My soul, now praise thy Maker!

Full Text

1 My soul, now bless your Maker!
Let all within me bless His name
Who makes you full partaker
Of mercies more than you dare claim.
Forget Him not whose meekness
Still bears with all your sin,
Who heals your ev'ry weakness,
Renews your life within;
Whose grace and care are endless
And saved you through the past;
Who leaves no suff'rer friendless
But rights the wronged at last.

2 He offers all His treasure
Of justice, truth, and righteousness,
His love beyond all measure,
His yearning pity o'er distress,
Nor treats us as we merit,
But sets His anger by.
The poor and contrite spirit
Finds His compassion nigh;
And high as heav'n above us,
As dawn from close of day,
So far, since He has loved us,
He puts our sins away.

3 For as a tender father
Has pity on His children here,
God in His arms will gather
All who are His in childlike fear.
He knows how frail our powers
Who but from dust are made.
We flourish like the flowers,
And even so we fade;
The wind but o'er them passes,
And all their bloom is o'er.
We wither like the grasses;
Our place knows us no more.

4 His grace remains forever,
And children's children yet shall prove
That God forsakes them never
Who in true fear shall seek His love.
In heav'n is fixed His dwelling;
His rule is over all;
O hosts with might excelling,
With praise before Him fall.
Praise Him forever reigning,
All you who hear His Word--
Our life and all sustaining.
My soul, O praise the Lord!



Source: Lutheran Service Book #820

Author: Johann Poliander

Poliander, Johann was the pen-name of Johann Graumann who was b. July 5, 1487, at Neustadt in the Bavarian Palatinate. He studied at Leipzig (M.A. 1516, B.D. 1520), and was, in 1520, appointed rector of the St. Thomas School at Leipzig. He attended the Disputation in 1519 between Dr. Eck, Luther, and Oarlstadt, as the amanuensis of Eck; with the ultimate result that he espoused the cause of the Reformation and left Leipzig in 1522. In 1523 he became Evangelical preacher at Wurzburg, but left on the outbreak of the Peasants' War in 1525, and went to Nürnberg, where, about Lent, he was appointed preacher to the nunnery of St. Clara. He then, at the recommendation of Luther, received from the Margrave Albrecht of Brandenburg an invitation to… Go to person page >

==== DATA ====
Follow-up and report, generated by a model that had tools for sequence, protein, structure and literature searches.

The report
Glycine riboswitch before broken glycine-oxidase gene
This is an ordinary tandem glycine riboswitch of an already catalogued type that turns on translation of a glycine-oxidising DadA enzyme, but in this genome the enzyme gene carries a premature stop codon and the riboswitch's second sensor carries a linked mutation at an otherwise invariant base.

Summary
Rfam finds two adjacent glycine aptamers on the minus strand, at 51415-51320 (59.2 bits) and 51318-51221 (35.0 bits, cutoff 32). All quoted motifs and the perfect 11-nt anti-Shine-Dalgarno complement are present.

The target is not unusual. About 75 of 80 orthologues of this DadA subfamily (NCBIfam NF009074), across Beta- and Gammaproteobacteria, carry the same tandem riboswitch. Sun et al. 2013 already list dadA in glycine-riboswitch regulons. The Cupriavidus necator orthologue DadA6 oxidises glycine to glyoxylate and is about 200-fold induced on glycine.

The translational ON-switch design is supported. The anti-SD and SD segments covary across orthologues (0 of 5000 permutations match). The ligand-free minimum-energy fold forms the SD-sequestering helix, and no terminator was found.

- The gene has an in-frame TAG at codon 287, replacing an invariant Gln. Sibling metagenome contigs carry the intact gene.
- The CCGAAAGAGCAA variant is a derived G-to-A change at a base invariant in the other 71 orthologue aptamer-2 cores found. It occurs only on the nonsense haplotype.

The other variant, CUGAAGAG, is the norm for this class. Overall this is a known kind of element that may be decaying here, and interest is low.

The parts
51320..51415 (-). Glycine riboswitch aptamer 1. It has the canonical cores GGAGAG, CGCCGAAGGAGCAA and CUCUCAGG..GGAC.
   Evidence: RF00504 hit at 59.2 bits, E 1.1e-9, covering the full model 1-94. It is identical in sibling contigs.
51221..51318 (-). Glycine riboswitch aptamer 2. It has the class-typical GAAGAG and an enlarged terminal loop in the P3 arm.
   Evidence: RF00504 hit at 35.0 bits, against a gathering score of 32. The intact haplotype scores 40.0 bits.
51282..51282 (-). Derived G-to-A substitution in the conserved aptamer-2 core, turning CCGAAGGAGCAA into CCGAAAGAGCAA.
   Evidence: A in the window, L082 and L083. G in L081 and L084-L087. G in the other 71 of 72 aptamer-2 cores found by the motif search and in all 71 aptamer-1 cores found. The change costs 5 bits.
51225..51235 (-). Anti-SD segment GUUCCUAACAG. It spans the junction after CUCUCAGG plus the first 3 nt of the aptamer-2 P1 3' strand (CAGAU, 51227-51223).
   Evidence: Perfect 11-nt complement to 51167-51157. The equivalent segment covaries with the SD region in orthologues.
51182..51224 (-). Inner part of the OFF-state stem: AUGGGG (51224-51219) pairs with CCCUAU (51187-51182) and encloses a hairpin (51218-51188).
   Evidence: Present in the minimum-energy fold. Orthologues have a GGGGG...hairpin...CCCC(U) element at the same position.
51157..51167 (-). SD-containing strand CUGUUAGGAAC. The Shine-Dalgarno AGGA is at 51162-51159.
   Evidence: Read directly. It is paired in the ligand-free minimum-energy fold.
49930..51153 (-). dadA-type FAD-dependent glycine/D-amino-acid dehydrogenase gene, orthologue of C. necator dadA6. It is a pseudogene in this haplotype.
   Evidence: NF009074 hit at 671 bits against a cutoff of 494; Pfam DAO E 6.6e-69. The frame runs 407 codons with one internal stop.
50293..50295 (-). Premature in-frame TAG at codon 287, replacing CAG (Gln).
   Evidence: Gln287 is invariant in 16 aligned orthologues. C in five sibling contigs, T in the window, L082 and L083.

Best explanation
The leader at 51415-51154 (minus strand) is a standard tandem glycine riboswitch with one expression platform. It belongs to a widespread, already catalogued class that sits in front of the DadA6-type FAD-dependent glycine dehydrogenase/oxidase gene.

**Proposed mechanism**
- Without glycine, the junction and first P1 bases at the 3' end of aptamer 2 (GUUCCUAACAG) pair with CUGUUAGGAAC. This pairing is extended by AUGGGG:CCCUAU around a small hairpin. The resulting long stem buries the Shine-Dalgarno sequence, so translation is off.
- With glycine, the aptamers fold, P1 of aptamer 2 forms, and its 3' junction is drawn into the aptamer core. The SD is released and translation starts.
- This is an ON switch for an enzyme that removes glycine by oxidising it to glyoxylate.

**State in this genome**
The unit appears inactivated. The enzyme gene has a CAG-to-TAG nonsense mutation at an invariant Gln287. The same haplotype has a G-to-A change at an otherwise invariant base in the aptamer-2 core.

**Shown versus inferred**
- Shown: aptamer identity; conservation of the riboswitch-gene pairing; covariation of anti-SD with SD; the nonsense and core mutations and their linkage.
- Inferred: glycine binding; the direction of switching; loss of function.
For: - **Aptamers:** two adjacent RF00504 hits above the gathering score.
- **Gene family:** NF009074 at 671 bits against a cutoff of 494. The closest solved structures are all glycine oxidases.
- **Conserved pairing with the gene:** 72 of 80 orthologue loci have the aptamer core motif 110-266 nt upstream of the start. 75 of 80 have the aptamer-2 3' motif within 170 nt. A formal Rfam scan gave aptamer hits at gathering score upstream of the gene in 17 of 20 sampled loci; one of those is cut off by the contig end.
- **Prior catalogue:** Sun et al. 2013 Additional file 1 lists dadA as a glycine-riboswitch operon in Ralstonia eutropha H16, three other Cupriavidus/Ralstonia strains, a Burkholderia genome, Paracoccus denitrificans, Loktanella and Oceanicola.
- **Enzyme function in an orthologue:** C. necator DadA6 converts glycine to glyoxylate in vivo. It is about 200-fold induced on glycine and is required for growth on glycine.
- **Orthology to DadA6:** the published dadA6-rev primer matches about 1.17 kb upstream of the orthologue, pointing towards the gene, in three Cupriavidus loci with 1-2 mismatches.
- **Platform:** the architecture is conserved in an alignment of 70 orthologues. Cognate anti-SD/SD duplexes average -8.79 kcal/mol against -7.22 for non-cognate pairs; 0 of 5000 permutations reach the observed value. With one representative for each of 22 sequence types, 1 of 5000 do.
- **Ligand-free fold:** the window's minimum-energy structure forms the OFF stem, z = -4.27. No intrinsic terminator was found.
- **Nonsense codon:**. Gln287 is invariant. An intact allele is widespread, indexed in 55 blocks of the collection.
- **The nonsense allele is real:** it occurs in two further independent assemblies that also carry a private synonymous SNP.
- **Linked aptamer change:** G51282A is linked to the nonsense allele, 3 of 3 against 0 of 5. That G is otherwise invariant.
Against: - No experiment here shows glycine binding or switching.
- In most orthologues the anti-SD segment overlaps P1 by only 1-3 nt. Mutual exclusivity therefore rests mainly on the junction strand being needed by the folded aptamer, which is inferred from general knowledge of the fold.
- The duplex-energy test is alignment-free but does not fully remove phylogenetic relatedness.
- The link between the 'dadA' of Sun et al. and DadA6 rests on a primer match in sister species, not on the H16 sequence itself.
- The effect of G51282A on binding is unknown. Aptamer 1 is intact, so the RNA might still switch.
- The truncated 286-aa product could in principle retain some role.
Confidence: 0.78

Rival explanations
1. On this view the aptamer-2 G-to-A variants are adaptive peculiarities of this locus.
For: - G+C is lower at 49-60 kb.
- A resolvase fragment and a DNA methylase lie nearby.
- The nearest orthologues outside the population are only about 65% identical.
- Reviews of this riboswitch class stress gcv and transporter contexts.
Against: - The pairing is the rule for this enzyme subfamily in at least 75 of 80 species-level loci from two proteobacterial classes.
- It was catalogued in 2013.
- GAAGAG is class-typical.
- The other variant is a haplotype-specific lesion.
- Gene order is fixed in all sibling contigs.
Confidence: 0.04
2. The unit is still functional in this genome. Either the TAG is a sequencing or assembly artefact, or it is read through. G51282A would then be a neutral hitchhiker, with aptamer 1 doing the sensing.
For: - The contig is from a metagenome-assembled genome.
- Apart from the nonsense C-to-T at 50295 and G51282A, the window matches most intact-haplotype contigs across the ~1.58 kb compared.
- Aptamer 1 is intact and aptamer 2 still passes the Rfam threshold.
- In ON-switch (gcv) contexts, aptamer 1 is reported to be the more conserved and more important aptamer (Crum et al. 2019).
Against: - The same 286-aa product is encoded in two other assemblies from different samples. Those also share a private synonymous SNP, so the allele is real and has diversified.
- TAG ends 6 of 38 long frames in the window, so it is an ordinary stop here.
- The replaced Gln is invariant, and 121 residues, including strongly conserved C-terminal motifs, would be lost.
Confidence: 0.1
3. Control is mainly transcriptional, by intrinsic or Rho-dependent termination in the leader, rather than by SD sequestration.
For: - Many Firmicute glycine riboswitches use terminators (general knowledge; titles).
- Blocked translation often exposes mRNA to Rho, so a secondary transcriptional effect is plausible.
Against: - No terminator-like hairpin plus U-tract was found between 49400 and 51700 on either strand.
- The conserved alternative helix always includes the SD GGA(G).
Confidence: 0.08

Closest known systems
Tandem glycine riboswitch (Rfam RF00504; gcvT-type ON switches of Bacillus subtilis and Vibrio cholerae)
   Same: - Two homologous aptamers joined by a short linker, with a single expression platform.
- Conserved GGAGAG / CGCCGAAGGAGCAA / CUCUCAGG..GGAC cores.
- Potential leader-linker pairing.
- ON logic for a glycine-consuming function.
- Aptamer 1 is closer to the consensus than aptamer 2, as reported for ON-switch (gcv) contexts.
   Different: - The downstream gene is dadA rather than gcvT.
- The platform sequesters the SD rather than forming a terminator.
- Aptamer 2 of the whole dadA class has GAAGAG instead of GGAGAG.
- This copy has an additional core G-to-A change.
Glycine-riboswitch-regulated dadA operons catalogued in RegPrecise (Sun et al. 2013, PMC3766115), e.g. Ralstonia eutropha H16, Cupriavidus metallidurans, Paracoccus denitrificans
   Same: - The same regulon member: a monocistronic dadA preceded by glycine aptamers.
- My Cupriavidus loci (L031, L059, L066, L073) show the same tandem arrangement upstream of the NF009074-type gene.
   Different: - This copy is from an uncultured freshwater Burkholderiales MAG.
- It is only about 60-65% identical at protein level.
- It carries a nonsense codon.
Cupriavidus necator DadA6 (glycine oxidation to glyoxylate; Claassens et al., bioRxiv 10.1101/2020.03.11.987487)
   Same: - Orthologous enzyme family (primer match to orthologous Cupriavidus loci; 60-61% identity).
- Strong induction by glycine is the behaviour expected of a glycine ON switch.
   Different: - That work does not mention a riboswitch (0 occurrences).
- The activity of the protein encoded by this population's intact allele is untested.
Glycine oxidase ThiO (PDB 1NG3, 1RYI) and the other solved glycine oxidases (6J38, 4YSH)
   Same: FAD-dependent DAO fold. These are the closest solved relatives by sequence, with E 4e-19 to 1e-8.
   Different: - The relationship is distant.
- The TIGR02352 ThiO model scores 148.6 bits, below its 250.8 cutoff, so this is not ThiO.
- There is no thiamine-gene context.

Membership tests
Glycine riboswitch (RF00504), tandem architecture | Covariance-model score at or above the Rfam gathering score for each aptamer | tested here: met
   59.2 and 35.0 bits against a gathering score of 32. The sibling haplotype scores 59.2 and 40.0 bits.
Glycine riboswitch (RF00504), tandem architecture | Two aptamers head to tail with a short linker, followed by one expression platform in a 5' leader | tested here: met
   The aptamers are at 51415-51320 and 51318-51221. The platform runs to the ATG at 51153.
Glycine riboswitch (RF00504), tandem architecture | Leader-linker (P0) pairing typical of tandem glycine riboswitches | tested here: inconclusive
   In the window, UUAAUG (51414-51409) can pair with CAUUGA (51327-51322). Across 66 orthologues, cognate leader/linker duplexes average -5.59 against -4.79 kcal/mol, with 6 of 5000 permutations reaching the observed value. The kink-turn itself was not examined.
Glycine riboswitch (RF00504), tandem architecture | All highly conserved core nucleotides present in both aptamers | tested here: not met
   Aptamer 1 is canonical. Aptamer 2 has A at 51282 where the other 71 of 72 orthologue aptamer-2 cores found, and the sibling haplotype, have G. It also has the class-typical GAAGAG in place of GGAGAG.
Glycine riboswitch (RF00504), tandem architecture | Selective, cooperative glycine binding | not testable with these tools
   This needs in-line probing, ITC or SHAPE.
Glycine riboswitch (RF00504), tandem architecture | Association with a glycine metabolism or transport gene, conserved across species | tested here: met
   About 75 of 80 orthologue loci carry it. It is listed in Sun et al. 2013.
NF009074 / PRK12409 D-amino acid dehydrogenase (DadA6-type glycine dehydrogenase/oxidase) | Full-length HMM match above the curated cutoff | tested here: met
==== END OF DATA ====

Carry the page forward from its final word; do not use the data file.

Translator: Catherine Winkworth

Catherine Winkworth is "the most gifted translator of any foreign sacred lyrics into our tongue, after Dr. Neale and John Wesley; and in practical services rendered, taking quality with quantity, the first of those who have laboured upon German hymns. Our knowledge of them is due to her more largely than to any or all other translators; and by her two series of Lyra Germanica, her Chorale Book, and her Christian Singers of Germany, she has laid all English-speaking Christians under lasting obligation." --Annotations of the Hymnal, Charles Hutchins, M.A., 1872… Go to person page >

Text Information

First Line: My soul, now praise thy Maker!
German Title: Nun lob, mein Seel, den Herren
Author: Johann Poliander (1540)
Translator: Catherine Winkworth (1863)
Meter: 7.8.7.8.7.6.7.6.7.6.7.6
Language: English

Tune

NUN LOB, MEIN SEEL

Johann (Hans) Kugelmann (b. Augsburg, Germany, c. 1495; d. Konigsberg, Germany, 1542) adapted NUN LOB, MEIN SEEL from the song “Weiss mir ein Blümlein blaue” and first published the tune in his Concentus Novi (1540). A bar form, this German chorale consists of six long lines sharing some simila…

Go to tune page >


NUN LOB


Timeline

Media

The Cyber Hymnal #4367
  • Adobe Acrobat image (PDF)
  • Noteworthy Composer score (NWC)
  • XML score (XML)

Instances

Instances (1 - 6 of 6)Text InfoTune InfoTextScoreFlexScoreAudioPage Scan
Christian Worship: a Lutheran hymnal #257TextPage Scan
Evangelical Lutheran Hymnary #456TextPage Scan
Lutheran Service Book #820TextPage Scan
Lutheran Worship #453Text
Small Church Music #1789Audio
The Cyber Hymnal #4367TextScoreAudio
Include 23 pre-1979 instances



Advertisements